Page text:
Brief Encounters

Some Uncommon Lawyers

"Lawyers enjoy sharing memories of bygone days and former colleagues. In Brief Encounters Glyn Strange has brought together the lives and careers of fourteen memorable personalities of the Canterbury - and New Zealand - legal scene.

His perceptive approach emphasises their strengths and narrates their weaknesses with sensitivity. Brief Encounters records the gems of recollection as well as much of the social and political history of our times."

The Honourable Justice Penlington

Excerpts from Brief Encounters:

"All my life I've been looking for an alcoholic nymphomaniac with masses of money, and when I find her I've got to call her as a witness!"

— Brian McClelland QC

"Bugger the law. Let's have a bit of justice."

— Sir Clinton Roper



Glyn Strange

1997, second printing 1998, third printing 2005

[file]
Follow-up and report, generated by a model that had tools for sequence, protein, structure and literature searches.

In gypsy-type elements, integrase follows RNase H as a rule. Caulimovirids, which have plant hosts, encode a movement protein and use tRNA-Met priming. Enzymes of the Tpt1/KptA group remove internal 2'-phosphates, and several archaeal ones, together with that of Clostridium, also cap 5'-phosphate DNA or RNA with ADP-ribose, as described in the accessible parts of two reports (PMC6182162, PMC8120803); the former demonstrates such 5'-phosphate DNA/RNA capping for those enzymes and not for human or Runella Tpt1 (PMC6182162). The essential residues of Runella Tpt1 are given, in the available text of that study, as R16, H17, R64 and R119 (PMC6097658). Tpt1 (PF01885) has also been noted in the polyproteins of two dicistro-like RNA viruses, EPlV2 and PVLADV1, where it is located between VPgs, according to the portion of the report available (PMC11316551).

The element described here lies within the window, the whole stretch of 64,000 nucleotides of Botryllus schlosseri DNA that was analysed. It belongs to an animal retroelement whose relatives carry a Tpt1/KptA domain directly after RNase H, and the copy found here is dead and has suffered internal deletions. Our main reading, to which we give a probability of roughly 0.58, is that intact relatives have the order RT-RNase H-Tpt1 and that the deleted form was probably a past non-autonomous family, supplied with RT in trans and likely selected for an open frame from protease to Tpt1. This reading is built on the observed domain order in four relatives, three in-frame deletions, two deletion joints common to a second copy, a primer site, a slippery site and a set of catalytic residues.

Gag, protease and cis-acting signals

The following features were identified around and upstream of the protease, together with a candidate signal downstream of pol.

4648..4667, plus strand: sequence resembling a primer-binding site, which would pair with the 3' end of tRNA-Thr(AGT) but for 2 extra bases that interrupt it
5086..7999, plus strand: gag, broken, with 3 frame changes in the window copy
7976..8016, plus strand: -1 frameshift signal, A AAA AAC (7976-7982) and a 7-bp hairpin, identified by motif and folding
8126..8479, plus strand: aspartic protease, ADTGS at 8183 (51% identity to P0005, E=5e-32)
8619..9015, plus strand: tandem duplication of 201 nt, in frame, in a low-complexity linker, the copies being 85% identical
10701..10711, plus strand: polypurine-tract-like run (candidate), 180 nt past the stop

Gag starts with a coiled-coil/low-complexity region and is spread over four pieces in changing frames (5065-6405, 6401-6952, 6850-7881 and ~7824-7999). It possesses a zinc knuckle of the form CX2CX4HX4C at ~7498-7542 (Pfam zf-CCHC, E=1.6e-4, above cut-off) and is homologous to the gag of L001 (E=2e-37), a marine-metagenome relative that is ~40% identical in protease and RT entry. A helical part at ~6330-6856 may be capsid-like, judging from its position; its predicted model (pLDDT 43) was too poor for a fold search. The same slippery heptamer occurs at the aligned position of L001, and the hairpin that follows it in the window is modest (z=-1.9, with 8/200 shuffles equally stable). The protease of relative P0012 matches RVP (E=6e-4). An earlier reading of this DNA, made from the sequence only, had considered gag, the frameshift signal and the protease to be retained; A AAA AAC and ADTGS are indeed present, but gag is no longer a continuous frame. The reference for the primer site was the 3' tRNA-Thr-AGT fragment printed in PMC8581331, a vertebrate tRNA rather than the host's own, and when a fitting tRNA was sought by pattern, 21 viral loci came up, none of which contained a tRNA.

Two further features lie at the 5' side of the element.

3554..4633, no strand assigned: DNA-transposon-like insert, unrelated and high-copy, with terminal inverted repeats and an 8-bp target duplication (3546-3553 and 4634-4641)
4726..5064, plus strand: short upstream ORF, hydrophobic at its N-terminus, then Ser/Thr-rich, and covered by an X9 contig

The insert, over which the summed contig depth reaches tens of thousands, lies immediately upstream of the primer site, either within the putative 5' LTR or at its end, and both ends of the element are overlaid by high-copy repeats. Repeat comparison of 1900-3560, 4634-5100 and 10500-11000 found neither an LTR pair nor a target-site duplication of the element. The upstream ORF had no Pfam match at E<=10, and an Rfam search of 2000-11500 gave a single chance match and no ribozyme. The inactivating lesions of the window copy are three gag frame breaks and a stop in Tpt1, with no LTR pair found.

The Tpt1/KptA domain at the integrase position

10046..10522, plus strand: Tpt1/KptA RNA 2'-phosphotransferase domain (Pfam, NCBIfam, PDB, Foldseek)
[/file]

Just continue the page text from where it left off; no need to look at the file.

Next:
94 pages, 130x277 mm
ISBN: 0-9583706-1-3


$29.95 (free postage within New Zealand)

Available from Clerestory Press

What People Have Said

Careful, well researched, good humoured and pleasurably written

"The legal profession and those with local historical interest should welcome the appearance of the third printing of this collection of essays on the lives of 14 prominent Canterbury (mostly Christchurch) lawyers. I knew eight of them and can testify to the accuracy with which Glyn Strange has portrayed the characters and characteristics of his subjects.

These legal lives were lived in more spacious, polite and measured times when the profession was more homogeneous and far less given to the cant of political correctness which is so encouraged today...

The publishers and those who support them are to be congratulated on the revivification of this careful, well researched, good humoured and pleasurably written book, so attractively presented and tied with the red tape its subjects despised."

— His Honour Judge Stephen Erber

“Bugger the law. Let’s have a bit of justice.”

Brief Encounters is a great book that I saw in libraries – glad to be able to get my own copy. “Bugger the law. Let’s have a bit of justice” is a line for the ages.

—  Matthew Mortimer, solicitor